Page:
As a nonbinary person and an LGBTQ+ student activist, I know firsthand the barriers that young people face to getting sexual and reproductive health care. When I was 18 and went to my first sexual wellness appointment, my health information was shared with my mother (in violation of my HIPAA rights). At the time, I identified as a lesbian and the nurse-practitioner used stereotyping and stigmatizing language that left me too anxious to seek out sexual health care for years after.
Emergency contraception, in particular, is crucial for young people but can be very difficult to get. On many campuses, it isn’t available at student health centers. After my own experience seeking sexual health care, I’m committed to making it as easy as possible for people on my campus at the University of Illinois Chicago to get EC when they need it. There are creative ways to work outside the system to make EC access affordable, convenient, and confidential on campus. I’m on the Student Advisory Committee for Emergency Contraception for Every Campus, and our mission is to support student activists across the country who want to improve access to EC. Students in our network are working to advocate for sexual wellness vending machines that include EC and develop peer-to-peer distribution programs to get EC directly into the hands of students who need it.
Even though emergency contraception is a safe and effective way to prevent pregnancy, students face unique barriers to access. Depending on where the school is located, getting to a pharmacy can be difficult or impossible for students who don’t have a car. Even if you can find EC, the cost can be a huge barrier as it costs $40-$50 at a pharmacy, which is out of reach for many students. In addition to all of these barriers, there can be a lot of stigma, shame, and discomfort in the process of getting EC. Many pharmacies still keep EC behind the counter or in a locked box, so you have to have a conversation with a pharmacist or store clerk in order to buy it. That can be so intimidating or uncomfortable when you feel that the person you have to talk to is making assumptions about you or judging you.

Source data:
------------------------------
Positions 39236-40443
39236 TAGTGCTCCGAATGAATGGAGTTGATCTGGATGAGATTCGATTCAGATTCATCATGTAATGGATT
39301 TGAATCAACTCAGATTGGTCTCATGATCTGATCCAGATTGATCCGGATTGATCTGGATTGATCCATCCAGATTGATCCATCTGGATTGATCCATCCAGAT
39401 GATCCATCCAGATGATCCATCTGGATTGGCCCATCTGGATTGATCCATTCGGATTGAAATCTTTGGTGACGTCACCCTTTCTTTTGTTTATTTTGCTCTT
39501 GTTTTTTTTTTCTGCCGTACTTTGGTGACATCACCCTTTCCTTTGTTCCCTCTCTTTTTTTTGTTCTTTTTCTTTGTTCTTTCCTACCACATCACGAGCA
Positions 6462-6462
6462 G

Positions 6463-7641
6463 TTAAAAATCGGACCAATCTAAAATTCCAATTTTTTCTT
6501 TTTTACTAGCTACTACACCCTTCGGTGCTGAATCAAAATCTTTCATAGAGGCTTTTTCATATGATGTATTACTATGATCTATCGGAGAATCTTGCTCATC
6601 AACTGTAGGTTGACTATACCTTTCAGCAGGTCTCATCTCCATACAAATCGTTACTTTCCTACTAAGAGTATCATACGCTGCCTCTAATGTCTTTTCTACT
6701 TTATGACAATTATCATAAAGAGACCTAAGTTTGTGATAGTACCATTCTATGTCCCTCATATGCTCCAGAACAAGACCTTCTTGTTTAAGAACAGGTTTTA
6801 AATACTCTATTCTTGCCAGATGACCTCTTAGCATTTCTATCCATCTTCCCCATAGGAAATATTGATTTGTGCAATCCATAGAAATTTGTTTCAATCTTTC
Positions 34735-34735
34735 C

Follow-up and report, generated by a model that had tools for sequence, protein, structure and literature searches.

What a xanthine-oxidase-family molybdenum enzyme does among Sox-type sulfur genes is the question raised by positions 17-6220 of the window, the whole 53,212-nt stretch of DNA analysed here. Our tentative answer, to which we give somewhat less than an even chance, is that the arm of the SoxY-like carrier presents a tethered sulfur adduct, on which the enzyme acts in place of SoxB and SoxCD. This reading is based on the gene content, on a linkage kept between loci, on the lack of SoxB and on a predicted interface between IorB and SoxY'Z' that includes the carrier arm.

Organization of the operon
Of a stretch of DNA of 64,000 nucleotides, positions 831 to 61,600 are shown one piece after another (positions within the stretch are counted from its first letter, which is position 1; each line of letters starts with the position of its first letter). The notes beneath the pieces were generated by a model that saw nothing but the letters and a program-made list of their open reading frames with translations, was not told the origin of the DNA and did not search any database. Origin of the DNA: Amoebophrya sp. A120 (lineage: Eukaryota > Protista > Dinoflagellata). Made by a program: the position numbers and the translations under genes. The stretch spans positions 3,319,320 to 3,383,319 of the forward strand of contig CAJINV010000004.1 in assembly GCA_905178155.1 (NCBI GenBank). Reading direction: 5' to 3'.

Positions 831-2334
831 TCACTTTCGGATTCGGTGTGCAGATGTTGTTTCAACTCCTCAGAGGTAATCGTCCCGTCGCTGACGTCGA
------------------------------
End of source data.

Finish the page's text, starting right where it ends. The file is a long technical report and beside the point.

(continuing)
All of these barriers can be even greater for young people who identify as LGBTQ+. Gender-nonconforming and/or transgender people like me might experience extra anxiety about purchasing EC, especially if it involves interacting with a person who might question their perceived identity. Going to the doctor can be a difficult experience for patients who don't identify with their assigned sex, as they are at risk of being misgendered or being referred to by their deadname, may suffer assumptions about their identity or lifestyle, or may fear their private information being accessed by a legal guardian despite HIPAA. This can interfere with overall access to health care, as it did for me.
Our health care system doesn’t make it easy for young people to take control of their sexual health. People with uteruses sometimes have a lot of uncertainty about how taking testosterone affects them. Folks may believe that they’re infertile because they’ve stopped menstruating, but this isn’t always the case. This can lead some to not take pregnancy precautions, so it’s important to make EC as accessible as possible for young people in this population. The sooner EC is taken, the more likely it is to work. Students, whoever we are and however we identify, can’t wait — we need timely access and privacy when getting EC.
Models like Emergency Contraception for Every Campus empower students to get EC on their own terms, normalize the experience of using EC, and break down the barriers to care, especially for LGBTQ+ students. We’re here on campuses across the country to help our classmates get the care they need when and where they need it. By giving young people the information and resources they need to thrive, we can all have more control over our sexual and reproductive health.